Lloyd's List publisher seals £1.1bn merger with rival

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The Independent Online

Informa, the publisher of the Lloyd's List maritime newspaper and the organiser of the 3GSM mobile phone conference, yesterday unveiled a £1.1bn tie-up with Taylor & Francis, a publisher of specialist scientific and academic titles such as Philosophical Magazine.

The combined group - which will be called T&F Informa - will have a workforce of about 3,800 and will publish some 2,500 subscription-based products and organise about 2,800 conferences a year.

Shares in Taylor & Francis shot up 15 per cent, or 84.5p, to close at 647p last night while Informa finished 4 per cent, or 15p, higher at 386p.

The companies insisted yesterday that the logic behind the deal - a move they had been discussing for the past six months - was in revenue growth rather than in cutting costs. Peter Rigby, Informa's chairman, said the deal was "about driving top-line growth" and that products would not be cut from the pair's portfolio. "Our main focus will be on generating enhanced revenues," Mr Rigby said.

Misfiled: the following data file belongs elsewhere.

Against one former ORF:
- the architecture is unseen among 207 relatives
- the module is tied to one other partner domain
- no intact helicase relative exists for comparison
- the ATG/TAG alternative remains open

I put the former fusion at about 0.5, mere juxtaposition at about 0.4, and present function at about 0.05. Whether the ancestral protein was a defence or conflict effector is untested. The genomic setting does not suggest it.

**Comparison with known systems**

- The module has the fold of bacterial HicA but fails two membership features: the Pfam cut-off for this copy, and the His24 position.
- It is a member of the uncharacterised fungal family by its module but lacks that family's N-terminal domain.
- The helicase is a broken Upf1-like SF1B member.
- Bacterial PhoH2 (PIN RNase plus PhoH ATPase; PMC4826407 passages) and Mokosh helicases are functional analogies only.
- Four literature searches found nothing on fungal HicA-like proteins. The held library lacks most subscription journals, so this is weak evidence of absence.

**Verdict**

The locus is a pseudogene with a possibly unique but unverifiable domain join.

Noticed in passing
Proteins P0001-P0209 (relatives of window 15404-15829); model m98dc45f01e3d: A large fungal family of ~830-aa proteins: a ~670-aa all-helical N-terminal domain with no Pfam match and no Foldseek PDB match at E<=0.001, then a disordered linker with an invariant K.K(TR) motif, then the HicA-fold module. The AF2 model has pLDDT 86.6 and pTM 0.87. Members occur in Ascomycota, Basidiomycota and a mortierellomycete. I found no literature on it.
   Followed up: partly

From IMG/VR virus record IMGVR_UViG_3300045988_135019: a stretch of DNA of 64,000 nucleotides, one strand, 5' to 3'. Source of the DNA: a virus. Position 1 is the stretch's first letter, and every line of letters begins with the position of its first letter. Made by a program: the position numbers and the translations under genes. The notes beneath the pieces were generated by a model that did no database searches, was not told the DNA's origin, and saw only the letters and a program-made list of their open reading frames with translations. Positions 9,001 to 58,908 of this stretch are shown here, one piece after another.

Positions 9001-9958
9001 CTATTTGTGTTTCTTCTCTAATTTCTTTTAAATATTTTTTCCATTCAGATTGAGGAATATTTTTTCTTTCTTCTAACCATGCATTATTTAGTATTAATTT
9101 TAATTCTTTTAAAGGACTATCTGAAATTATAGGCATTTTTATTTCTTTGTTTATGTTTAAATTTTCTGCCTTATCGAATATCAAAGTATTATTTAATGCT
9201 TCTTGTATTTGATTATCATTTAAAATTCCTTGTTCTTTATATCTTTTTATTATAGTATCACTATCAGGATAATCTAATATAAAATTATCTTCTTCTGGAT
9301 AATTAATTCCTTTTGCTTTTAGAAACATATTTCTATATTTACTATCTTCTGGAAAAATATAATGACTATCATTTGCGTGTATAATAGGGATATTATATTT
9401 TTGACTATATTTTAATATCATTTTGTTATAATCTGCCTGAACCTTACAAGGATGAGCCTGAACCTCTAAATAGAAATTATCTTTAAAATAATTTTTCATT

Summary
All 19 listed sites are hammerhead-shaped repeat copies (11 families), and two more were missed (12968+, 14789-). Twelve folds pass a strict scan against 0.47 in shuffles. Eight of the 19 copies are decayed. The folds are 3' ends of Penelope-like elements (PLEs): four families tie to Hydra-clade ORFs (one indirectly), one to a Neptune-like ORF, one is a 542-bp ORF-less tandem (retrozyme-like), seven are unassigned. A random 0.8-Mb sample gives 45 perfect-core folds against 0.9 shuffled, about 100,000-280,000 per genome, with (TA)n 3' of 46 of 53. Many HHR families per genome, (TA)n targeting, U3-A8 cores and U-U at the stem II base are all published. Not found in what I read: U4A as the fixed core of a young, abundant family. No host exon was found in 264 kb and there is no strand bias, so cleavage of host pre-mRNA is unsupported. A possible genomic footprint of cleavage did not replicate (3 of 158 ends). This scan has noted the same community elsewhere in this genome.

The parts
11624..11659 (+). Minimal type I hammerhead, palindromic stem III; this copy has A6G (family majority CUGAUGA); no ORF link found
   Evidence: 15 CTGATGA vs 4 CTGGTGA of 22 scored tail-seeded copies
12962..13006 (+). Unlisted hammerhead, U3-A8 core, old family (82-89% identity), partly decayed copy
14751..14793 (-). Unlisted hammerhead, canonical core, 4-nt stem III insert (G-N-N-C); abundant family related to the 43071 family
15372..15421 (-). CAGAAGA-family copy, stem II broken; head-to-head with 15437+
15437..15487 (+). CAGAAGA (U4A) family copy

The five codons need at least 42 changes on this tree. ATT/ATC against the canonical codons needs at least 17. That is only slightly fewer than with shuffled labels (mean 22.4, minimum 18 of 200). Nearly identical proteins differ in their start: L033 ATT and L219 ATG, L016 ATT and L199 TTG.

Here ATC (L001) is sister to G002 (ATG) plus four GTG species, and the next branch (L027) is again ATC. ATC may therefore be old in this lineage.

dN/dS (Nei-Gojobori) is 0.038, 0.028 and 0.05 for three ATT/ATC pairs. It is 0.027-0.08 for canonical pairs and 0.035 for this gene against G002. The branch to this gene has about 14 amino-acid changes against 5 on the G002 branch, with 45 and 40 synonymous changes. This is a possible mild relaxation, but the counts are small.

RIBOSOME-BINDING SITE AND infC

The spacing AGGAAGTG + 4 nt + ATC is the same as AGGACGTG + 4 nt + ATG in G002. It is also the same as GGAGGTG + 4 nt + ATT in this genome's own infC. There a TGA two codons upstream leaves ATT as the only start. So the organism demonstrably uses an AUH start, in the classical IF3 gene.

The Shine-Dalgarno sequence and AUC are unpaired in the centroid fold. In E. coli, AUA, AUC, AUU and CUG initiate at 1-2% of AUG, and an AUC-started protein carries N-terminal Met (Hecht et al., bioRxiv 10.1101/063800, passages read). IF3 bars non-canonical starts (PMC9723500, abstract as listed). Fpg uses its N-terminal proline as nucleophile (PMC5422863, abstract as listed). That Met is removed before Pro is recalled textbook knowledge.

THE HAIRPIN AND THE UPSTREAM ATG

Shareholders in Taylor & Francis will get 17 shares in Informa for every 10 of their existing shares, which will give them 49 per cent of the combined business overall. Informa shareholders will get 51 per cent of the business.

The companies estimated annual cost savings from the deal of at least £4.6m by the start of 2005, at a cost of £1.3m, but hinted there would be few redundancies. Cost savings will come from reducing overheads in areas such as IT, distribution and printing.

David Smith, Taylor & Francis' chief executive, will be chairman of the combined business while Mr Rigby will be chief executive. David Gilbertson, Informa's chief executive, will be managing director and Tony Foye, the finance director at Taylor & Francis, will take the same role at the combined group.

Both companies also reported their 2003 financial figures yesterday. Informa unveiled a pre-tax profit of £7.7m, after accounting for £12.4m of exceptional items mainly relating to restructuring, compared with a £12.1m profit last time. Taylor & Francis, meanwhile, reported a pre-tax profit of £26.5m, up from £23.1m a year earlier.

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